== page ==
Phishing leading to M365 account takeover –> Account takeover leading to theft or destruction of IP, or other critical data leading to –> Business failure, loss of competitive advantage, loss of investment Likelihood: HIGH Impact: HIGH
Phishing leading to ransomware –> Ransomware leading to data theft, leading to the ransom of that data, leading to the destruction of that data –> Fines, more financial loss and legal costs, reputational & infrastructure damage Likelihood: HIGH Impact: HIGH
Phishing leading to malware being deployed with the organisation –> Malware passed on to the supply chain, leading to business being the source of supply chain compromise of other organisations. Supply chain attack leading to complex legal problems, business disruption, loss of customers, etc Likelihood: HIGH Impact: HIGH
Phishing leading to M365 account takeover –> Account takeover leading to supply chain attack The attacker uses stolen accounts, and access to other companies. Businesses typically targeted here are MSPs or similar that use their Azure AD accounts to access other organisations to provide helpdesk and support services. Supply chain attack leading to complex legal problems, business disruption, customer loss, etc Likelihood: HIGH Impact: HIGH
As we’ve demonstrated, there are multiple ways phishing can lead to high impact attacks. M365 is a fantastic productivity and modern workplace tool but you need to ensure you have firstly, properly secured it and secondly, that you have the means to detect and respond to attacks quickly. Speed is vital here as catching those successful identity attacks before the attacks move on (before the actual data theft or before the ransomware is deployed) is essential. This is often referred to as ‘disrupting the attacker kill chain’ or ‘shifting left’ – this means stopping the attack early and is an essential element of cyber resilience.
The graphic below shows a typical timeline for a ransomware attack and illustrates the importance of detecting and responding to attacks as early as possible.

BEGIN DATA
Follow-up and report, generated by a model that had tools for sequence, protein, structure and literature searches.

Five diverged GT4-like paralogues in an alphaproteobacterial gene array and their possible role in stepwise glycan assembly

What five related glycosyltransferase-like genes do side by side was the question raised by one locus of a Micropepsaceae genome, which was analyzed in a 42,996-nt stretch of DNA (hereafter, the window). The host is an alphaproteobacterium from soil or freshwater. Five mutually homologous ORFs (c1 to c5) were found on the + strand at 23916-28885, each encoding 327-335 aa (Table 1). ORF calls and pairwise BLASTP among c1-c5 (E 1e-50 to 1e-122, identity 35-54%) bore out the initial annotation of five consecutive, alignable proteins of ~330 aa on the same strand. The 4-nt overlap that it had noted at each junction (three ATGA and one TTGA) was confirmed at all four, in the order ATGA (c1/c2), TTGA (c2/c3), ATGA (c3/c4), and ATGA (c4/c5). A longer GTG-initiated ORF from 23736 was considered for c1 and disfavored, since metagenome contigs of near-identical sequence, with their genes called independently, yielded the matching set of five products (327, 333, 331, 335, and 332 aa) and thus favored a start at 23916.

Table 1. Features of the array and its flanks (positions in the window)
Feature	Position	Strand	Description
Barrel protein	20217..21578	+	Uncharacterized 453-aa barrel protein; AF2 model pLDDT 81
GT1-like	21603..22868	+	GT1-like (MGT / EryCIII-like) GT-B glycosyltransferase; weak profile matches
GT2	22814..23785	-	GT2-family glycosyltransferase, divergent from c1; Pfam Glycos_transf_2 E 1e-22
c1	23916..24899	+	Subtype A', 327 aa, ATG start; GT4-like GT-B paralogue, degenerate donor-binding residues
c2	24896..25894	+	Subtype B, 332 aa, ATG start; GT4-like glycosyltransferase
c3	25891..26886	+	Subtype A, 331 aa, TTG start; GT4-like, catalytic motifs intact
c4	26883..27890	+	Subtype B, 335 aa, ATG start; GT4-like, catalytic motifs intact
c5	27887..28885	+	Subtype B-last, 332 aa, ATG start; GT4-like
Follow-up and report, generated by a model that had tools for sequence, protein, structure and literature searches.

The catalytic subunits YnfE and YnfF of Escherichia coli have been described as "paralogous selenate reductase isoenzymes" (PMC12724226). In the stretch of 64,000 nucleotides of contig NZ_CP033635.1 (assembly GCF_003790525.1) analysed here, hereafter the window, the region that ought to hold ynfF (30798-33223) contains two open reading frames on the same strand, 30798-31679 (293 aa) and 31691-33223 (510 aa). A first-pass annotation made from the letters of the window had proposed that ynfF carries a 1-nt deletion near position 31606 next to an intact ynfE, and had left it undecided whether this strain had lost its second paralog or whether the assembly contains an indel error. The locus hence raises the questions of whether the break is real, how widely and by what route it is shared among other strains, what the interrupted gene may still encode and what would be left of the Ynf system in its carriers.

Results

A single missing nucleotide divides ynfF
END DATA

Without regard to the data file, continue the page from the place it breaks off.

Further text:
How do you achieve this?
The advice is this - secure M365 and monitor it. Be ready to detect and stop attacks before they can cause harm/impact. Be ready to disable user accounts quickly and take other similar actions such as quarantining files and disconnecting devices from the network. Assume you will suffer a successful attack (this is referred to as ‘Assume Breach’) and plan for it. Assume Breach generally refers to a cyber strategy where it assumes that the business is either already breached or could easily be. This is seen as an effective, modern strategy to identify and address potential gaps in detection, response and recovery and when implemented effectively gives organisations confidence that they are cyber resilient, which is the key goal of cyber security strategies.
Through effective security monitoring, attacks can be detected and responded to in the same way as other business issues – expect them to happen and put measures in place to address them quickly and effectively. Detections and responses to attacks need to be practiced and rehearsed; this is why you see a lot of advice around ’table-top exercises’ and so forth; because the first place to start is by planning for the worst and using that exercise to get your organisation ready for that inevitable, successful attack. Your goal is to minimise impact by stopping the attack before it has a high impact (‘shifting left’). This is how you will achieve cyber resilience which is essential for your business. Only then can you effectively manage your cyber risk.
Rob Demain, CEO